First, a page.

What is so special about “engraving?” Engraving denotes the total identification of the writing with that upon which it is

written. This is opposed to, say, classical writing with a pen and paper, in which the ink and paper are technically separable. In engraving, the paper itself becomes the writing. This unbreakable bond between the written word and that upon which it is written parallels the unbreakable relationship between G-d and one who follows His chukim. Indeed, the Mishnah (Avot 5:16) teaches that love which depends on something else can be lost if that thing is lost. However, love which is not contingent on anything else can never be lost. When one’s obedience and loyalty to G‑d is not bound to rationalistic whims, the relationship is much stronger and cannot be broken. [Rabbi Pappenheim has a slight variation on this theme. He writes that just like engraved writing is inseparable and everlasting, so does a chok refer to an unmitigated, unchanging law. He explains that for this reason the word chok is commonly attached to the word “forever” (e.g., see Ex. 12:14, 30:21, Lev. 3:16, 23:14).]

Just as the word chok does not inherently mean “a commandment without a known reason,” so too does the word mishpat not inherently mean a “commandment with a known reason.” Rather, Rabbi Moshe Shapiro explains that the word mishpat denotes a decision between two viable options. For example, a shofet (judge) must decide between two equally legitimate litigants. The introduction to Tikkunei Zohar (known as Patach Eliyahu) explains that mishpat is known as “The Middle Pillar” because carrying out mishpat involves an impartial judge standing in the middle and deciding between the litigants. When following a mishpat — a commandment whose rationale is meant to be understood — one functions like a judge who weighs his options, comes to a logical conclusion and proceeds accordingly. This is the opposite of a chok — a statute — which does not require rendering one’s own decision, because the law is already set in stone.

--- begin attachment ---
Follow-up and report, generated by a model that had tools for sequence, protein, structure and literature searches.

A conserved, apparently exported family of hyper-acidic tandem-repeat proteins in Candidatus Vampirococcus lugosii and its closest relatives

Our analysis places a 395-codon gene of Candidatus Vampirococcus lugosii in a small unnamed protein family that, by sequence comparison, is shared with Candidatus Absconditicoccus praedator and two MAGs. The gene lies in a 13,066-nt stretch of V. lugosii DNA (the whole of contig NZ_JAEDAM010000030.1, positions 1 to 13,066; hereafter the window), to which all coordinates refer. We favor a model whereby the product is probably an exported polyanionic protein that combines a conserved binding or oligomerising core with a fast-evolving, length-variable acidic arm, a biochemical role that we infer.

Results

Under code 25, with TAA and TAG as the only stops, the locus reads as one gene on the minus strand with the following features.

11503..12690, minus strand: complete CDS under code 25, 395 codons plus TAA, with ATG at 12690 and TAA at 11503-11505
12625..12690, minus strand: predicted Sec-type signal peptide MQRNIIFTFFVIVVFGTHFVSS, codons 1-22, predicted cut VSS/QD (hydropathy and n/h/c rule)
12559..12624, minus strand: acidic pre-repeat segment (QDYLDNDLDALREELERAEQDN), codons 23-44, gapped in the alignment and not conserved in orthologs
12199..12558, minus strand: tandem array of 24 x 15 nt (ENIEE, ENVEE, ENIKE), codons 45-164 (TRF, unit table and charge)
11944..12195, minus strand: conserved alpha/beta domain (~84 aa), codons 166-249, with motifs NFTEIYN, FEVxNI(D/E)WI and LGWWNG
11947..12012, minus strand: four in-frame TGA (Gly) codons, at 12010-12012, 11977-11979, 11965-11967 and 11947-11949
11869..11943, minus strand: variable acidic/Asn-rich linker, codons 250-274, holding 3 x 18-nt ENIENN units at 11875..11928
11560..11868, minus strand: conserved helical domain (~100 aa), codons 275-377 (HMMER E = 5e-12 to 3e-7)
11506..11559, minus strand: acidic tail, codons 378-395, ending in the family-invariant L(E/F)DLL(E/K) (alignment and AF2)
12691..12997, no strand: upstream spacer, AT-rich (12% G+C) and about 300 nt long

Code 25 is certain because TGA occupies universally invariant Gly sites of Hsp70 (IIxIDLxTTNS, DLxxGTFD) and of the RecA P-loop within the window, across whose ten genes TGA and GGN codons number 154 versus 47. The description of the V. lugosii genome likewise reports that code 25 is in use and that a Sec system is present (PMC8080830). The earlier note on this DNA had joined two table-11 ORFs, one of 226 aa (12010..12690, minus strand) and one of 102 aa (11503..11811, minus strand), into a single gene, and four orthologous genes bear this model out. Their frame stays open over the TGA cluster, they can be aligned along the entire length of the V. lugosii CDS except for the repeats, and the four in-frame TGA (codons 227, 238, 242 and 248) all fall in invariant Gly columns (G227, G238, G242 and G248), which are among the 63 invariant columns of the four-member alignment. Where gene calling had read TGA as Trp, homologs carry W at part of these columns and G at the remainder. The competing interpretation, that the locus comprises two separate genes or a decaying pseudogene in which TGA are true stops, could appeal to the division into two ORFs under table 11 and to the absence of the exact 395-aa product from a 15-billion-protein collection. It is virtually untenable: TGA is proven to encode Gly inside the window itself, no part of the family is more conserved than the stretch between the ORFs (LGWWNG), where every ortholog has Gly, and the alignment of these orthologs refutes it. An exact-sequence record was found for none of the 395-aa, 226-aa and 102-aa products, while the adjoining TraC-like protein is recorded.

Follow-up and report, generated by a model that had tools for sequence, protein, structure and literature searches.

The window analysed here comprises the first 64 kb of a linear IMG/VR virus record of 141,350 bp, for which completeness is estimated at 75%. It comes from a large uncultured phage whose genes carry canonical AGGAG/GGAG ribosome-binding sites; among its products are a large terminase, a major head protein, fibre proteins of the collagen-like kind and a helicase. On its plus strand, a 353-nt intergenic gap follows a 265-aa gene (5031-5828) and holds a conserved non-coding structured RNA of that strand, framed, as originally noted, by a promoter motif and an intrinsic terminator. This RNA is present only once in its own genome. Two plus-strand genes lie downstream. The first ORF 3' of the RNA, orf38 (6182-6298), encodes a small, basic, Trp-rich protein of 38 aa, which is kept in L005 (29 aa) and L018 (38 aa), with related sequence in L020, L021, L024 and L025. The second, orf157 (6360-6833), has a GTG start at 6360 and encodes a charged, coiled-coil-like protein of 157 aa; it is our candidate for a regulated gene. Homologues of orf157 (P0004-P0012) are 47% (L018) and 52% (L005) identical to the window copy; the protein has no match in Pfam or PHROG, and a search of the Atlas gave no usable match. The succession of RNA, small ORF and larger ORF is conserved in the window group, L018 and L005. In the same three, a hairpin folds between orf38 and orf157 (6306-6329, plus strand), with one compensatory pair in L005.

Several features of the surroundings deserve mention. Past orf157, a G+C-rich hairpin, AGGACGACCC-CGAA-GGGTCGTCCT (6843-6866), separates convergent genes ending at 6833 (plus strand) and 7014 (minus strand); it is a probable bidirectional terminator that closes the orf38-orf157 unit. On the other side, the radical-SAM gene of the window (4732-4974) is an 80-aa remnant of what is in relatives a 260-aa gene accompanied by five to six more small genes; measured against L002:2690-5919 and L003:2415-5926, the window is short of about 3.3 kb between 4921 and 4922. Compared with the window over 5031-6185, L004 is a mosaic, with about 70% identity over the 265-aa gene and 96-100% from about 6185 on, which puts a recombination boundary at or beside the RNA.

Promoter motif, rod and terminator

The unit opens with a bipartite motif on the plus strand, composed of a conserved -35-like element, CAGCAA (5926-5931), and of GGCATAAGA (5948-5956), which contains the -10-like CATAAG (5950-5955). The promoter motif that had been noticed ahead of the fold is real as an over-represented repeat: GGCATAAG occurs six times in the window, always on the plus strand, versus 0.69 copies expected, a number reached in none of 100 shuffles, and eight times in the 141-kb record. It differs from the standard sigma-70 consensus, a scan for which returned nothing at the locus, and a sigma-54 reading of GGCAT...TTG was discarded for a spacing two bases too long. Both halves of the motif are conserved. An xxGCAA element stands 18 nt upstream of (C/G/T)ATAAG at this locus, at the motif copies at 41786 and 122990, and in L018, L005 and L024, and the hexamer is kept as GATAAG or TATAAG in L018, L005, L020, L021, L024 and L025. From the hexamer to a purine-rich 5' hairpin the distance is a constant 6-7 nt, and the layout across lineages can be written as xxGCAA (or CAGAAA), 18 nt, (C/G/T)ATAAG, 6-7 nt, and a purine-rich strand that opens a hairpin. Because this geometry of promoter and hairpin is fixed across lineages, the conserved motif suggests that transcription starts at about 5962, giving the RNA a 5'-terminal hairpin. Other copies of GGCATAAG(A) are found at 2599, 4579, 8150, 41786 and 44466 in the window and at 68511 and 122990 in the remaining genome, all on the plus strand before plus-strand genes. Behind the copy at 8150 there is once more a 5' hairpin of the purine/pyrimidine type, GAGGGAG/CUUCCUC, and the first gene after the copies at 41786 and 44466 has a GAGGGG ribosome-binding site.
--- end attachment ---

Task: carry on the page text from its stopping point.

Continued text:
In light of the above it seems as though chukim are more important than mishpatim and accomplish more. However, Rabbi Yisrael of Salant (1810-1883) points out that, in practice, the opposite is generally true. Oftentimes chukim serve as stepping-stones towards mishpatim. If one properly follows the commandments whose reasons are not revealed, then he will be able to refashion himself into being able to follow the mishpatim as well. In other words, fulfilling the chukim helps train one’s intellect to be able to properly understand the reasons behind the mishpatim,and will lead him to follow those rules as well. Rabbi Yisrael Salanter describes chukim as rungs on a ladder that lead one towards the fulfillment of mishpatim — the pinnacle of moral perfection.